Tuesday, November 18, 2008

Chicken Tortilla Soup

I have been craving Chicken Tortilla Soup for weeks. I finally went to the supermarket today to gather all of the ingredients needed. If you are interested, here's the recipe:

1 Whole Chicken
3 Carrots, small dice
3 Stalks of Celery, small dice
1 Large Onion, small dice
6 Cloves Garlic, finely minced
1 15oz. can Petite Diced Tomatoes (not drained)
1 15oz. can Chili Beans (not drained)
1 15oz. can Pinto Beans (drained and rinsed)
2 cups corn, more if you'd like
1 cup salsa (use your favorite type)
10-12 cups of water
3 Tablespoons "Better than Bullion"
2 Tablespoons Chili Powder (I use Grandma's Chili Powder)
1 Tablespoon Olive Oil
Limes to squeeze on top for that fresh citrus flavor

Optional Toppings:
Sour Cream
Black Olives
Tortilla Chips

Saute onion, celery and carrots in olive oil until soft. Add garlic and saute for a minute or two. Add water and Better than Bullion (make sure the bullion dissolves). Meanwhile, skin the chicken, make sure to remove as much visible fat as possible, and drop it into the pot. Cook the chicken until it reaches 180 degrees. Remove the chicken and cool until you can handle it. Shred the chicken or cut into little pieces and add it back to the pot. Add everything else listed: beans, corn, tomatoes, salsa & chili powder. Simmer until all flavors meld together, approximately 30 minutes or so. The flavors get better as it sits.

*Better than Bullion is indeed much better than bullion cubes or chicken broth. In a pinch, use anything you have, but Better than Bullion is the way to go if possible.

*Use boneless skinless chicken breasts if you don't want to deal with the whole chicken. Sometimes whole chickens are ridiculously cheap, so that's why I used the whole thing today.

*Add more/less veggies to taste. Next time I will probably use a bit more onion.

*Use marinated jalapenos if you want a bit of a kick. I love vinegar, so sometimes I just spoon out some of the marinade to use on top of the soup instead, or in addition to the jalapenos themselves. Using a teaspoon or more of the marinade gives the flavor without the kick of the jalapeno itself.

*The squeeze of lime finishes the soup off nicely. Squeeze the fresh lime into the soup right before serving.

*Use whatever beans you'd like. If you do use other beans besides Chili Beans, rinse and drain before adding to the pot. The Chili Beans are in a marinade that goes well with the recipe. Black, Chili, Pinto, Kidney, etc... work well in this soup too. Use whatever you have on hand.

*This list looks like quite a bit of stuff, but it really is an easy soup to make.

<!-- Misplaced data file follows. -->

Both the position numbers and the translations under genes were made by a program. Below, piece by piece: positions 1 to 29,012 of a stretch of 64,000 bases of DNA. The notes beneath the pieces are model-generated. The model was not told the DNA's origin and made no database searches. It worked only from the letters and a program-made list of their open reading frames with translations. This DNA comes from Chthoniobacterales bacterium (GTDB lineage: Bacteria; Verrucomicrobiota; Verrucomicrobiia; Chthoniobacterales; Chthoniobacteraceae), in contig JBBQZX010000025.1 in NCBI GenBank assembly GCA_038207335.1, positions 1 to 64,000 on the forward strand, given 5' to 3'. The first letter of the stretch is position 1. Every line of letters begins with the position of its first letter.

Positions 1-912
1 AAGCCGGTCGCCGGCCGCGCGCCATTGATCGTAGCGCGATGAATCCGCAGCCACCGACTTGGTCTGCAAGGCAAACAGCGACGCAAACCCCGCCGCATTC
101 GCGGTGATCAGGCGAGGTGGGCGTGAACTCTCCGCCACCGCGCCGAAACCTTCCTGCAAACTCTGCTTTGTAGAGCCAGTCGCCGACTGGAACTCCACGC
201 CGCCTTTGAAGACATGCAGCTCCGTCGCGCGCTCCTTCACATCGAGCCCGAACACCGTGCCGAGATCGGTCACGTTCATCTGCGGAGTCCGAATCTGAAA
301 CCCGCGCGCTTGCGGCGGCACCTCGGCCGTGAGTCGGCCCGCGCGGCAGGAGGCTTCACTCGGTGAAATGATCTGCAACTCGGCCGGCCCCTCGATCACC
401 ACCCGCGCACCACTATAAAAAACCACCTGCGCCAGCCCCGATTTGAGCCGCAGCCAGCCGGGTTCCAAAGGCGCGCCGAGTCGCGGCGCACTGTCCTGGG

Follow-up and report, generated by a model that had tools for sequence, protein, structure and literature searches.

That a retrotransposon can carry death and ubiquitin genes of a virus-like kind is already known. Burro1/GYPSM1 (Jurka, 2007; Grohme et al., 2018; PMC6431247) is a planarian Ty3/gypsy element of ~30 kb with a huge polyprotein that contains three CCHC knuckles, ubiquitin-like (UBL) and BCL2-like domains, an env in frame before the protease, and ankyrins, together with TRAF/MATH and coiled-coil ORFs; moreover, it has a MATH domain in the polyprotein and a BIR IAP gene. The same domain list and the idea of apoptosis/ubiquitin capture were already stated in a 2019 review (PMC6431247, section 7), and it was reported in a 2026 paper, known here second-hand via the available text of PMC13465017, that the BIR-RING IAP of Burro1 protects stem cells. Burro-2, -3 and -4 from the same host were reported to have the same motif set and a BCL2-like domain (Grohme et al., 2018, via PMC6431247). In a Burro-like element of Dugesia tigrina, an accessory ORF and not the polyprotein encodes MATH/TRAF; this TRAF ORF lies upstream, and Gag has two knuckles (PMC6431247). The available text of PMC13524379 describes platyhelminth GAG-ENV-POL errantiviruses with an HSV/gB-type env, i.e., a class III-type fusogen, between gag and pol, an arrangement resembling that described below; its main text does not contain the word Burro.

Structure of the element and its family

The verdict: I will be keeping this recipe for quite a long time. It is awesome!!! It's kind of an amalgam of a bunch of different recipes I have seen, but of course had to put my own twist on it. Try it, you'll like it. :)

Friday, November 7, 2008

French Baguettes

I found this recipe on my favorite website, allrecipes.com. Click on the link and it will take you to the original recipe. This recipe was so spectacular that I did not change a thing, and will more than likely never change it, save adding half wheat flour instead of all white bread flour. I did, however, change the way I prepared the recipe.

Here is the recipe:

  • 1 cup water
  • 2 1/2 cups bread flour
  • 1 tablespoon white sugar
  • 1 teaspoon salt
  • 1 1/2 teaspoons bread machine yeast
  • 1 egg yolk
  • 1 tablespoon water

  1. Place 1 cup water (100 degrees), sugar, and yeast into a stand mixer and allow the yeast to bloom for a few minutes.
  2. Add the flour and salt, mix for 5 minutes. The dough will be sticky.
  3. Place dough in a greased bowl (NOT plastic), turning to coat all sides. Cover, and let rise in a warm place for about 30 minutes, or until doubled in bulk. Dough is ready if indentation remains when touched.
  4. Punch down dough making sure to punch down all bubbles. Cut dough in half, creating two long thin loaves. Roll gently back and forth to taper end. Place 3 inches apart on a greased cookie sheet. Make deep diagonal slashes across loaves every 2 inches, or make one lengthwise slash on each loaf. Cover, and let rise in a warm place for 30 to 40 minutes, or until doubled in bulk.
  5. Preheat oven to 375 degrees F (190 degrees C). Mix egg yolk with 1 tablespoon water; brush over tops of loaves.
  6. Bake for 20 to 25 minutes in the preheated oven, or until golden brown.